In April at the Microbiology Society Annual Conference 2017, Professor Steve Busby from the University of Birmingham was awarded the Marjory Stephenson Prize. He gave his talk on ‘Transcription activation in bacteria: ancient and modern’. In this post, Lorena Fernández-Martínez gives us an overview of the lecture, which you can watch below.
Bacterial cells contain thousands of genes encoding proteins that are not required under all environmental conditions. Transcriptional activation is a clever way that bacteria control exactly when a gene needs to be expressed, which saves energy and ensures that the right protein is made at the right time. Transcriptional control allows bacterial cells to adapt quickly to their constantly changing environment.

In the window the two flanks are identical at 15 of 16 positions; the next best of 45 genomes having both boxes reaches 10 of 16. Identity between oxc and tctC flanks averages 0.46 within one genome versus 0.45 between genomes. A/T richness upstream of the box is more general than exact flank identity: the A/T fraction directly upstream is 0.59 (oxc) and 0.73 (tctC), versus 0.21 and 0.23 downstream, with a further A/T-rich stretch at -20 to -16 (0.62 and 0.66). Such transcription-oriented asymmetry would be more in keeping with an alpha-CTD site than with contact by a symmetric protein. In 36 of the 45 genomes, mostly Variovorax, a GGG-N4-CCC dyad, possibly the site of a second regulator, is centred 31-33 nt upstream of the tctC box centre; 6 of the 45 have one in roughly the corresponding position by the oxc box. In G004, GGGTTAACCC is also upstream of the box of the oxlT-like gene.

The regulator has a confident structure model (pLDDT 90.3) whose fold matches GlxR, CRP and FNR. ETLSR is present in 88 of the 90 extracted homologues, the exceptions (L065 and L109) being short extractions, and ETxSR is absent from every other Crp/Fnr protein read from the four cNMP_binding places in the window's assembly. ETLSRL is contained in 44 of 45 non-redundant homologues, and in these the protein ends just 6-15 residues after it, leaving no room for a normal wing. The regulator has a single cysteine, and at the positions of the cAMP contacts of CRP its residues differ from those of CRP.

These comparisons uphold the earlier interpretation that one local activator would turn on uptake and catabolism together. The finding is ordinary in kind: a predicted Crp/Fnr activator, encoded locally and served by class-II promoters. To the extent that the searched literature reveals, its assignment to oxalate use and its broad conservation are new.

In this video, Professor Steve Busby talks us through the history of transcriptional activation in bacteria, from its discovery as a way that bacterial cells optimise gene expression, to our current understanding of the beautiful and intricate regulatory mechanisms that control its activation.
Understanding the mechanisms behind transcription activation of genes opens many exciting possibilities for biotechnological and clinical applications. For example, it could lead to new strategies to treat disease-causing bacteria, by targeting the transcriptional activators that control virulence genes.
Lorena is a Senior Lecturer at Edge Hill University and a member of the Microbiology Society’s Communications Committee